Gone By Midnight
A boy has gone missing from the hotel. But with the clock ticking, former detective Ted Conkaffey doesn’t know if he’s looking for a child or a body.
Former detective Ted Conkaffey vacillates between resenting and accepting his much-changed life in the crocodile-infested wetlands of Crimson Lake. He knows there is little alternative; too many people in Australia still don’t believe he is innocent of the accusations of rape and murder of a young girl. But good things are about to happen – his daughter is coming to stay for a week.
Amanda Pharrell, one-time murderer and now Crimson Lake’s unlikely PI, still hasn’t won any awards for popularity, particularly as the local police, and one in particular, hate her for her involvement of one of their colleague’s deaths.
But Amanda is not going to be able to keep her distance from the police any more than Ted is going to be able to spend all his time with his daughter. A little boy has gone missing from the local hotel – and his mother wants Ted and Amanda to find him.
I am about to stick my neck out having recently watched a TV series on a real-life child disappearance. This plot feels a like a scaled-down version of some of the events and detective blunders in that real crime-case, and a little too close for comfort. The only difference is there is an answer at the end of Fox’s story. I am still uncertain if I accept the similarity as coincidence, or if the parallel sensationalism is a slightly tasteless hook.
If I hadn’t watched that series, I would be writing here that Ted and Amanda’s bumbling behaviour doing things that only vaguely relate to the case and sudden, poorly explained leaps of understanding are utterly unconvincing. But perhaps that is because I like the Sherlock-Holmes-esque detectives or the believable clue-gathering-and-suspect-elimination police procedurals. And Gone by Midnight adopts neither of these styles.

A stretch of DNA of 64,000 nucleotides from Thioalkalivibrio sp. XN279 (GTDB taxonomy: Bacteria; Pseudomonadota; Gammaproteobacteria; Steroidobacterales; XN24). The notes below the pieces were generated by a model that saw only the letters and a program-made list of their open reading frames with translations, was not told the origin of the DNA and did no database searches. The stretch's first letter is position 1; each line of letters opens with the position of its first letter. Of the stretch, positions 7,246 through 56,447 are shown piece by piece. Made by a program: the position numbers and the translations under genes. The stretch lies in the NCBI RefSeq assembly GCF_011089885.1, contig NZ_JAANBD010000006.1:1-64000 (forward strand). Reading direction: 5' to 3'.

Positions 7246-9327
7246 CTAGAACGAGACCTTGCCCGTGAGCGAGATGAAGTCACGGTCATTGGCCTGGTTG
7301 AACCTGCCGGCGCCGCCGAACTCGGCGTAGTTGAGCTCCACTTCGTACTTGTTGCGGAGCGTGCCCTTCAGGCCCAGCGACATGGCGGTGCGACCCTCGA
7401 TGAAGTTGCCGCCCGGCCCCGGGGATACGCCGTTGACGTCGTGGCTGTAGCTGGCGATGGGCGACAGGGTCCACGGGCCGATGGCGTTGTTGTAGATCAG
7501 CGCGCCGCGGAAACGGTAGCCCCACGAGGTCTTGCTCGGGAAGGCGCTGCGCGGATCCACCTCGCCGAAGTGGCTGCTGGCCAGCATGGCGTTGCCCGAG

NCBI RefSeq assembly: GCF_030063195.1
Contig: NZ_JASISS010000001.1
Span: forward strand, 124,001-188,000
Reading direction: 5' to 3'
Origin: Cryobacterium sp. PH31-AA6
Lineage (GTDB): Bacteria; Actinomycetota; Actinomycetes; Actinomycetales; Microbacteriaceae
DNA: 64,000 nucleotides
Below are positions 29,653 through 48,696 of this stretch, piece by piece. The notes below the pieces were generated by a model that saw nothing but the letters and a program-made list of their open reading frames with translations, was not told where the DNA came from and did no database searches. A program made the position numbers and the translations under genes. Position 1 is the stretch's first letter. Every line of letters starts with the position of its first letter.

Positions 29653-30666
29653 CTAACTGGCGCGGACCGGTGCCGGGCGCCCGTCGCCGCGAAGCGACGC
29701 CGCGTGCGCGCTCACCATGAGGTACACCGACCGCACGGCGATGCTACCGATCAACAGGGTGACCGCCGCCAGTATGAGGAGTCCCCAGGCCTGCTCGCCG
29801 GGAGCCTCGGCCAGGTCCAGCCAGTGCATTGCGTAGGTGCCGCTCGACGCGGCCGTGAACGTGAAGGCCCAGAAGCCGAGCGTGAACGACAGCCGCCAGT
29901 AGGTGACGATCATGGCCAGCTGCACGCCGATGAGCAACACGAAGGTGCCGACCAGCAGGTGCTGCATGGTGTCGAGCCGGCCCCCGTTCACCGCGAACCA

When I reviewed the first in the Ted Conkaffey series, of which this is the third, Fox’s ability to write convincingly from a man’s point of view impressed me. Unfortunately, Ted’s ongoing woe-is-me attitude is just starting to sound a bit oestrogen-based. That said, Amanda is still gauche and shocking. As before, her portrayal is slightly overdone, but it does add a humorous dimension to the story. Together, they are an interesting pair. However, at times it feels as if the focus on them, along with frequent misdirection, is partly to cover up weaknesses in the main plot.
I had to cling on to my suspension of disbelief as the story had it drowning on occasion. I find it hard to believe how much the local police force turn to and rely upon a convicted murderer and a pariah ex-cop. It is unimaginable that Ted, a detective, thinks the new local vet will not find out about his history. Neither can I believe that everyone uses the f-word in every other sentence in front of Ted’s young and impressionable daughter.
Although Fox’s descriptions are convincing and atmospheric, I think the crocodiles have had their day in more than one sense. Their presence is intrusive, almost lazy, as is the formulaic writing that relies on something sensational happening in virtually every chapter.
For all my misgivings, I thoroughly enjoyed this easy-to-read escapism. There are a couple of great twists, and it’s laugh out loud funny at times.
Reviewed 24 August 2019 by
Kati Barr-Taylor lives in her
‘cosy pigsty’ in the Dordogne. She satisfies her literary cravings by
translating, writing, editing and reading.